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    All Our Relations

    The Seven Grandfather Teachings can help us on the journey of reconciliation. March 19, 2020 by Major Shari Russell
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    (Above) “A Prayer for Love” from Prayers for the Creator’s Children, 2006, painted by Ovide Bighetty, commissioned by Indian Metis Christian Fellowship (IMCF), now known as Indigenous Christian Fellowship. Reproduction and exhibition rights belong with IMCF. Visit icfregina.ca for more information.


    This article is adapted from a sermon shared by Major Shari Russell (Yellow Quill First Nation), territorial Indigenous ministries consultant, at The Salvation Army’s third annual Celebration of Culture at Pine Lake Camp in Alberta last August. The Seven Sacred Teachings (or Seven Grandfather Teachings) are based on the Anishinaabe tradition, but are valued and practised by many Indigenous people. Reflected in Scripture, they are a guide to living in right relationships with
    All Our Relations—with Creator, with each other, with the land and with ourselves.

    The story is told that Creator gave the Seven Grandfathers the responsibility to watch over the people. Life was hard and so the Grandfathers looked for a helper, someone who could be taught how to live in a good way with all of creation. Finally, they found a baby boy, pure enough to receive the teachings and bring these teachings to the people. Each Grandfather gave the young boy a gift: a teaching to share with all the people. Each one is associated with a specific direction, season, colour and animal, among other attributes.

    The Seven Sacred Teachings were intended to help people live a good life, a righteous and holy life. When we follow these teachings, they help us live in peace and harmony with All Our Relations. They help us on our journey of reconciliation.

    Reconciliation is a difficult word. Some Indigenous people struggle with this word. As a follower of Jesus, I see beauty in the grace that reconciles us with our Creator, and then with one another. It is an incredible gift.

    Reconciliation is a difficult journey. It is not a quick and easy process. It is not saying “I’m sorry” and expecting people to “get over it.” Reconciliation requires repentance, restitution, relationship and resilience.

    One elder has said, “I appreciate you apologizing, but we don’t need your apologies. What we need is your resilience. It’s OK that you’re feeling weak, disoriented and unclear as to what to do. What’s not OK is that you quit because of those feelings. I need you to be resilient and to stick in the game and to walk alongside us who have no choice but to move forward.”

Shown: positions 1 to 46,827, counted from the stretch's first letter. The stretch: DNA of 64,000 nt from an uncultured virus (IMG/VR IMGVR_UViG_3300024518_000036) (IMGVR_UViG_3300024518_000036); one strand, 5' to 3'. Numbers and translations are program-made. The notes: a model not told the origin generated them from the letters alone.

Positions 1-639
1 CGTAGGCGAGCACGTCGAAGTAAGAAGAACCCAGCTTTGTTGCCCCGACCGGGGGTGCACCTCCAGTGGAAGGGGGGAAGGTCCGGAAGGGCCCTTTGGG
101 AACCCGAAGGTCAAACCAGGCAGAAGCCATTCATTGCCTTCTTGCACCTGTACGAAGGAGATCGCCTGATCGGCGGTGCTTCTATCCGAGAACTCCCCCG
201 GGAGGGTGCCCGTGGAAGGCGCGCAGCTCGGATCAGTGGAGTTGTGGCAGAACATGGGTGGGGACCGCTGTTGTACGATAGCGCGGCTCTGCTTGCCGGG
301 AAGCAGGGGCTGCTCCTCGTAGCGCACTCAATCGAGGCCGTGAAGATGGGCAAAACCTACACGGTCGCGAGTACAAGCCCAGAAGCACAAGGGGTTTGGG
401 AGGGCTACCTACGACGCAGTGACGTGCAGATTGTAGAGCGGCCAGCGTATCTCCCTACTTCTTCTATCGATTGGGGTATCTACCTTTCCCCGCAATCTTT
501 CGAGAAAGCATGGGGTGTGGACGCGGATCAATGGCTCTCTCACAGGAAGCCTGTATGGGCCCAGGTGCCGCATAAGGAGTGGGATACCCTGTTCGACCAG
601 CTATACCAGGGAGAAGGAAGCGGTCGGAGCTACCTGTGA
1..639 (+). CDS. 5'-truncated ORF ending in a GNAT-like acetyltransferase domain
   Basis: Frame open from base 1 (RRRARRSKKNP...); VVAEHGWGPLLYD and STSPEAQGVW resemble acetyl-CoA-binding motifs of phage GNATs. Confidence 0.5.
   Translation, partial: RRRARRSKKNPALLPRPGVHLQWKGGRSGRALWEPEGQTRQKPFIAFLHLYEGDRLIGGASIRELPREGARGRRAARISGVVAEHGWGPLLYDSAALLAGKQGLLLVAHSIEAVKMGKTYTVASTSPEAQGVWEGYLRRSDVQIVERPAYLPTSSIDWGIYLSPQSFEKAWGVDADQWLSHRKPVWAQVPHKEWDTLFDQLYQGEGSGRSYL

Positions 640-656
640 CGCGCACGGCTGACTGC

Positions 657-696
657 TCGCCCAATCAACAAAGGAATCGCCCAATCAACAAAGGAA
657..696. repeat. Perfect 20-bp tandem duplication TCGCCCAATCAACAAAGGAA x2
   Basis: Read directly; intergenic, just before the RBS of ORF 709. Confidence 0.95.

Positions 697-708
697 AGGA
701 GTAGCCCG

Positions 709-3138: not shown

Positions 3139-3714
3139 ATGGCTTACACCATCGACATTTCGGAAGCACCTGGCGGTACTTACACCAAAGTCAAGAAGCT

I have heard people say, “We have apologized for the Indian Residential Schools and the Sixties Scoop—what more do you want?” More than apologies, we need change.

    Reconciliation is a relationship. Don’t settle for what you hear in the media or read in a book. Reconciliation means getting to know us. When asked, “How can we even begin to engage the sin against the First Nations of the Americas? Most people are too overwhelmed by the whole thing to even think about it,” Richard Twiss, co-founder of Wiconi International, responded, “Just be our friend. Come and talk to us. Get to know us. Get to know what makes us laugh and what makes us cry. And when you find out what we care about, then make our concerns your concerns. Make our struggles for justice your struggles for justice.”

    Relationships are never easy, but the Seven Sacred Teachings help us navigate these relationships so we can live well together.

    Humility—Journey to the East
    As I watch the sun rise in the east, I am reminded of Psalm 8: “When I look at your heavens, the work of your fingers, the moon and the stars that you have established; what are human beings that you are mindful of them, mortals that you care for them?” (Psalm 8:3-4 NRSV).

    Reconciliation must begin with humility as we speak truth about the history of our nation: the greed for land, but also the arrogance of people who thought they knew better. Jesus demonstrated humility when he laid down his privilege and “emptied himself, taking the form of a slave, being born in human likeness” (Philippians 2:7 NRSV). Humility allows us to let go of power and control, and the systems that continue to maintain colonial ways of thinking and being.

    Honesty—Journey to the South
    Sitting through the events of the Truth and Reconciliation Commission, I was saddened by the defensive response of school administrators, teachers and church leaders, who said, “We had the best of intentions.” Today, similar defensive comments echo. The journey of honesty means that we see beyond personal culpability for the past to take responsibility in the present. In Genesis 32, Jacob had to come to grips with who he was and what he had done before he went to reconcile with his brother.